Every new agent has heard the admonition they absolutely must contact everyone in their circle of influence when they start out. This is certainly good advice because when you are just starting out, you are going to have a tough time getting clients. You will not have past clients to recommend you, signs around town with your name on them, or print ads displaying your listings. All of these methods, and many more, combine to bring a constant stream of clients once you have been in business a number of years.
Because none of these are available to you, you will have to work with what you have got. And what you have got is a vast collection of friends, relatives, and acquaintances you can look to for your first deal. This is your circle of influence (COI).
So, where to begin? One of the first things you will want to do is begin compiling your contact list. The list should include everyone listed above and anyone else you can think of. Do not forget past co-workers, people you went to school with, and casual acquaintances you know from your bank, the grocery store, the dry cleaners, etc. Make sure to note as much information about each of them as you can. You will want their name, address, phone numbers, birthday and anniversary dates, and any other information you want to include.
A standard tool for agents, and one you really cannot do without, is some type of contact manager software. There are many different choices on the market and they range in price from free to several hundred dollars. There are even packages where you pay a subscription fee every month.
You may be tempted to try one of the free or low-end packages but you should consider this carefully. A well-known problem with this type of software is the malicious code that often comes with it. This can include spyware, adware, malware, and any number of viruses.
You will be better off if you go with one of the mid-priced packages that allow contact information, expense and other custom reports, letter and flyer management, and can be upgraded in the future. You will want to start using any package you go with as soon as possible.
If you want to start making some money before making another purchase, just use the Mail Merge feature in Microsoft Word. You will be limited to basic name and address information but this can help you address your letters for mailing. Make sure you handwrite the address on the outside of the envelope. This helps separate your letter from the junk mail everyone receives. Your first letter should announce your new broker affiliation, and do not forget to include a few business cards.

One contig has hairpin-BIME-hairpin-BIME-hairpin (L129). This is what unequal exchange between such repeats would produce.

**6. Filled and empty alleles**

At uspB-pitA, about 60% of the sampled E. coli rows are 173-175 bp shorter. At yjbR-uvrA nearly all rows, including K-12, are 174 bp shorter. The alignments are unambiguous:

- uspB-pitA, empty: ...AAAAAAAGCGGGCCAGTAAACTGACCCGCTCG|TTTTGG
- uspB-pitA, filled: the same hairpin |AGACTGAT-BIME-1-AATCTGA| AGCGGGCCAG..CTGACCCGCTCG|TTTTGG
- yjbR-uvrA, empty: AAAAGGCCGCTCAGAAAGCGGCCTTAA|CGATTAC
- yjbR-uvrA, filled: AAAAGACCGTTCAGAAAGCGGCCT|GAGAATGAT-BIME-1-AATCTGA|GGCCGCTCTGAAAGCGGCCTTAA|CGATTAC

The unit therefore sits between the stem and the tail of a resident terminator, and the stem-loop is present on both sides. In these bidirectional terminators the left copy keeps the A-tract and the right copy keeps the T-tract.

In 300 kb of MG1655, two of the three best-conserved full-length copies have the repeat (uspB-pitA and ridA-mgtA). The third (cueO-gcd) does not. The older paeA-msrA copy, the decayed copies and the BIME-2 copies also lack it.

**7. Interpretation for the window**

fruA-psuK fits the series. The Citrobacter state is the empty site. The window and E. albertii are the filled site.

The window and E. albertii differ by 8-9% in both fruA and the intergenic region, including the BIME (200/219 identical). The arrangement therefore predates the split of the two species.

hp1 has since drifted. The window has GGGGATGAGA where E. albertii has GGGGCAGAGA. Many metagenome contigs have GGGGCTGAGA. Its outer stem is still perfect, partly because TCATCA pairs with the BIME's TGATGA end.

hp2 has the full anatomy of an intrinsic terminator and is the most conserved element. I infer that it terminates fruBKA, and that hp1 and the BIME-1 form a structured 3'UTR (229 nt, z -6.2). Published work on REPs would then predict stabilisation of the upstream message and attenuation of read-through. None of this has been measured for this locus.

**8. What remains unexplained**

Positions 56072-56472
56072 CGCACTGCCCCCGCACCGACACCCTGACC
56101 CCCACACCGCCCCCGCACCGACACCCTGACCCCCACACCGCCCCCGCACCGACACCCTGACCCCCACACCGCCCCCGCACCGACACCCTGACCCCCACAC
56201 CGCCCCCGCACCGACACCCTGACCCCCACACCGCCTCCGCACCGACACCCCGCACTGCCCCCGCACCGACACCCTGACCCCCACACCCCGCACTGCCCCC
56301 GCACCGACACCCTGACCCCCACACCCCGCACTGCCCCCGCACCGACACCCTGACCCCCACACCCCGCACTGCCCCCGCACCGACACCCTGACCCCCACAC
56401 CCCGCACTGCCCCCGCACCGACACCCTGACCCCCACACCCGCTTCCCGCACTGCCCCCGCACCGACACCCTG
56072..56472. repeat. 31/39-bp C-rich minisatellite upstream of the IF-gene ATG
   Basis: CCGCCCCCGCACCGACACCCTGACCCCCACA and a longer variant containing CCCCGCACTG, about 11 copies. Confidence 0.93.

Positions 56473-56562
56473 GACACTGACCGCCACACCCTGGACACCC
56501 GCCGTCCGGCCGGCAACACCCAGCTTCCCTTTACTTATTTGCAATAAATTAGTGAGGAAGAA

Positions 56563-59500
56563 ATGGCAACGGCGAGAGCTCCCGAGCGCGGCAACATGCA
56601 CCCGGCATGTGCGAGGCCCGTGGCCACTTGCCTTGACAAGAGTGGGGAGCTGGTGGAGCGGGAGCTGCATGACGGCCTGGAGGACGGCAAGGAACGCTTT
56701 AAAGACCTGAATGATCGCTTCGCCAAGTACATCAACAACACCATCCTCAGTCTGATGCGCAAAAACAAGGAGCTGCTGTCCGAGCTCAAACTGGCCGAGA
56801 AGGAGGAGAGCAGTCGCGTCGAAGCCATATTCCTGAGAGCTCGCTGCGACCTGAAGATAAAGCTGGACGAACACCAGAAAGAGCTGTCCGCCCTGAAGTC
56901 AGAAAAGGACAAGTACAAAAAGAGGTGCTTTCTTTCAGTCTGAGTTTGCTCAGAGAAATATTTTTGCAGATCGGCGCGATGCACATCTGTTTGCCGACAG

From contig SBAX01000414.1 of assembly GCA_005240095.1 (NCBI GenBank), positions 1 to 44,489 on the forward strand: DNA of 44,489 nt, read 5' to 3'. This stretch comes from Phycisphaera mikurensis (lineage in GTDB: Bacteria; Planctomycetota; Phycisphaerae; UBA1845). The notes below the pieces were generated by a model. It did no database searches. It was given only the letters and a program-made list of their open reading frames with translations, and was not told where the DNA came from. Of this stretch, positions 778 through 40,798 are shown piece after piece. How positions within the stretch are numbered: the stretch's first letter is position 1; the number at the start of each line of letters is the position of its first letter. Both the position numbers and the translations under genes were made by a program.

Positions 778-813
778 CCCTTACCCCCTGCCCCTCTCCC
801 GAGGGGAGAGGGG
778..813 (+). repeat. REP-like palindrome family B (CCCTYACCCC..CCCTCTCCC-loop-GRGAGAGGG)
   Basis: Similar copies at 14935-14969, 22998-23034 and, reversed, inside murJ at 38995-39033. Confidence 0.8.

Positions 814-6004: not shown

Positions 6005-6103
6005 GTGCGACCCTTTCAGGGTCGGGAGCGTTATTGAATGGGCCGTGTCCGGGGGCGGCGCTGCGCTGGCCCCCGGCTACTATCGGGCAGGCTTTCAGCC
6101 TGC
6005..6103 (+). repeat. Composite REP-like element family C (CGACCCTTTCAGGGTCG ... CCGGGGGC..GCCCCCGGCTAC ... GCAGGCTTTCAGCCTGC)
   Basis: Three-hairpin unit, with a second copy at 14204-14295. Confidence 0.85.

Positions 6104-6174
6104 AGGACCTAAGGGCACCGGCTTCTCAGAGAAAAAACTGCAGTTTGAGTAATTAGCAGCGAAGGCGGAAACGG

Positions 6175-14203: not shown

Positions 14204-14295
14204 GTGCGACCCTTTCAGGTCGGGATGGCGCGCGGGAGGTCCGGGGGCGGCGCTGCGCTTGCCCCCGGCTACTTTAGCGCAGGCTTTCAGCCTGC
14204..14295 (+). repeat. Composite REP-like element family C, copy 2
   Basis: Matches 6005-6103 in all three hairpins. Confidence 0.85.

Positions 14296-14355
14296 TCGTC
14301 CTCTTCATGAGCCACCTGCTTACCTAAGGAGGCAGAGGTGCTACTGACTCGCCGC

Something you should keep in mind whenever you are mailing anything is that you can improve the response immensely if you follow this, or any other, mailing with a personal phone call or visit. In fact, you should make sure you mention your visit in the letter. This gives you the advantage of having your letter remembered and firmly ties its message to you. You will want to mail as many letters as you can follow up on as soon as possible. Direct mail, even to friends, has a notoriously low response rate so make sure you do everything possible to be remembered.
Brokers know you are likely to find your first deal this way and will certainly encourage you to pursue this. The unscrupulous among them will want you to push yourself on these people harder than you might think proper. In fact, many brokers are willing to take on inexperienced agents because so many of them are able to pull their first (and sometimes only) deal out of their COI.
Be careful with your approach. Remember you are in this for the long haul and it will certainly do you no good to make a pest of yourself. Gauge your technique with the response you are getting. If it is generally negative, tone it down a little, but keep in mind, not pushing hard enough can be just as bad. Ultimately, contacting your circle of influence is just one of the many ways you will be prospecting for clients but it just might turn out to be the one that gets your career started in the right direction.